and even though we wouldn’t mind some real snow now and then, the fact that we still have enough lettuce (no promises it will still be there after tonight!) to have a beautiful salad cinches the fact. It has been a good winter so far.
I’ve not been around these parts much lately, it seems. It’s not that I haven’t thought about keeping up with my days in this space, it’s just that the reality of keeping up with myself and my family and my farm is taking about all I’ve got right now. And that’s ok with me. Each day spills over the edges. Fullness finds a whole new meaning.
Plus, the kids spilled very-sticky-heavy-on-the-maple-syrup-lemonade on the computer’s keyboard which made typing a frustrating joke because several characters just stopped working altogether. Oh, well. This just gave me yet another excuse for limited computer time and has actually been sort of a gift in its own right! I might have dragged my feet just a bit in getting a replacement keyboard…
In a nutshell, this past month has been full of sweet gifts that have left me feeling incredibly blessed and like one very lucky lady. In mid-August, when Eric was gone for nine days to drive his papa to Pennsylvania and I was solo on the farm with three kids, a bunk leg, and pregnant belly, my amazing neighbors helped with chores, watched the kids, untangled lambs from fences, and didn’t judge me when I voiced that I really needed a beer.
My other equally amazing neighbors and farm cohorts, Jesse and Hannah, volunteered (!) to do our CSA delivery and market in Nashville the Saturday Eric was away so that I could attend Robin’s indigo dyeing workshop (that would have otherwise been impossible for me to participate in). I don’t think I can even begin to describe just how huge that gift was!
Then my sweet Eric returned safely from his trip.
Then it was my birthday and I had a day of not cooking or doing dishes.
Then my fiber fanatical friends gathered together for our first ever bonified stitch n’ bitch and Coree baked me a cake.
Then, a posse of dear friends gathered here in Bugtussle to shower my family with love and food and baby gifts and blessings for this new little life that will be joining my family so very soon. I am all set on diapers now! And the older kids in attendance stayed over and had a camp out down by the creek, cooking freshly caught chubs and air potatoes over an open fire (and then raiding the kitchen for snacks when they thought I wasn’t looking)!
Those are just a few of the bigger gifts that have blessed me as of late. Then there have been countless in-between moments that present themselves as truly wonderful gifts, too… The moments that awareness and recognition come to me in a flood and leave me in awe of this beautiful life.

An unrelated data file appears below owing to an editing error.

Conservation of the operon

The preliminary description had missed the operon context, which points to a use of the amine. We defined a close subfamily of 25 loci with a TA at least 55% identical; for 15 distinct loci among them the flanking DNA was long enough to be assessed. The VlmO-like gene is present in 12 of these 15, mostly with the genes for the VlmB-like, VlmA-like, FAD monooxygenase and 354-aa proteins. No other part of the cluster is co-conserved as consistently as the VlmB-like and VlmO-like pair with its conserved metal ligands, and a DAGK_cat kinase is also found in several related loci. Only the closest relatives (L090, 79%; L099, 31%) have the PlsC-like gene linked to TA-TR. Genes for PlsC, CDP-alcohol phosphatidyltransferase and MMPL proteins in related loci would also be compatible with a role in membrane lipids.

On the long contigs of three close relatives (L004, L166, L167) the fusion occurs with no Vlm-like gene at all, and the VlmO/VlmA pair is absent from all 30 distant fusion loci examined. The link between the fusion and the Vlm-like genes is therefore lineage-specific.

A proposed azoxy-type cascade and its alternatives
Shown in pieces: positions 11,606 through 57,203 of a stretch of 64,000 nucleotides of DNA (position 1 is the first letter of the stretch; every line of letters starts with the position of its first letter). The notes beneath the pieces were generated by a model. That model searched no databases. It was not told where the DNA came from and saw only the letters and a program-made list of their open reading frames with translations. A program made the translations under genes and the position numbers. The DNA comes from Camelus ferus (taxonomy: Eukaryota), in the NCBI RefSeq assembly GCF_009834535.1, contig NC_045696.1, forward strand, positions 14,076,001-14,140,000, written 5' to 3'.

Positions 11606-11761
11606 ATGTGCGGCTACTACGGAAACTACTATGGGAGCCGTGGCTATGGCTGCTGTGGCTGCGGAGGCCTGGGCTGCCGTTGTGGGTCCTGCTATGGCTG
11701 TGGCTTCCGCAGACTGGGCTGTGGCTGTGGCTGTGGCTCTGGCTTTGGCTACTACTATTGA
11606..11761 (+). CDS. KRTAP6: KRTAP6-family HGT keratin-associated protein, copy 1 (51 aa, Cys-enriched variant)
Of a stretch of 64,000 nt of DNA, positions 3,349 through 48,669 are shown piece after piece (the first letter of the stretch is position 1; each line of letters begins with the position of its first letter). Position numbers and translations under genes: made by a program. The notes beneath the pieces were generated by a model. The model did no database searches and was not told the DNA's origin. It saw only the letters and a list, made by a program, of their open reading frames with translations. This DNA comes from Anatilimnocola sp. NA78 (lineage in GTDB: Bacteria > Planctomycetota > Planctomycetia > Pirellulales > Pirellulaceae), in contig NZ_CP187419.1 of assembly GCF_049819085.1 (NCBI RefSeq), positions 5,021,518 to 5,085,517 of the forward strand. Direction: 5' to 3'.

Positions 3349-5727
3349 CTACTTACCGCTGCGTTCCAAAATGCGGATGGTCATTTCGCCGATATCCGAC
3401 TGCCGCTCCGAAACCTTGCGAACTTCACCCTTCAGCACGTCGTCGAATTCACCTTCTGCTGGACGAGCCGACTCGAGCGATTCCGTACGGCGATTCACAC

Like the gift of curious little hands feeling my belly as the baby wiggles about. Then the gaping mouths and laughter.
Or the dry leaves showering down as the season turns toward autumn. Ground crispy and dry. Warm sunshine, but not stinging hot.
The gift of seeing my family glistening in the late afternoon light as they splash in the creek, reviving after a group effort firewood pick up. Inspired by the promise of marshmallows over a bonfire to repay all of their hard work.
Or gorgeous jeweled sweet potatoes being lifted from the earth. Warmth and sustenance for the winter. Especially in this year where the pantry shelves are mostly bare… but, yet, there is still so much bounty.
i have already mentioned our new saturday routine here. these days off have been so rich, so full, so free, so decidedly awesome, i feel compelled to write about it again!
i guess what i am trying to say is as a commercial vegetable grower there is a whole bunch of things that are completely abandoned during the growing season. you would expect knitting and reading to be on that list, but honestly, so is house cleaning. add also superfluous culinary activities. add again non urgent laundry. are you getting the picture? in our new era, the one where farmer paul and i alternate market weeks, i am finding these tiny windows of time every other saturday to do one or more of said activities and my home and family are so much better for it.
i am an extrovert by nature and it was a challenge for me to let go of my weekly super intense social time. admittedly, once i allowed change to enter i immediately noticed every other week is enough. running the market stand solo is socially saturating and i get full blown uninterrupted micro chats since i am not also juggling my entirely too active, over tired toddler.
these days remain unique and unphotographed. why? logistically, currently my only tool to document is the family ipad which is also our point of sales device. said technology is with my mate on these saturdays at the farmers market. i can only offer a mental glimpse of change. if you arrived at the farm and entered our homestead you might just notice the house is a tiny bit cleaner, the piles just a smidgen smaller, my family slightly less stressed and me wondering why on earth it took me 16 years to figure this one out.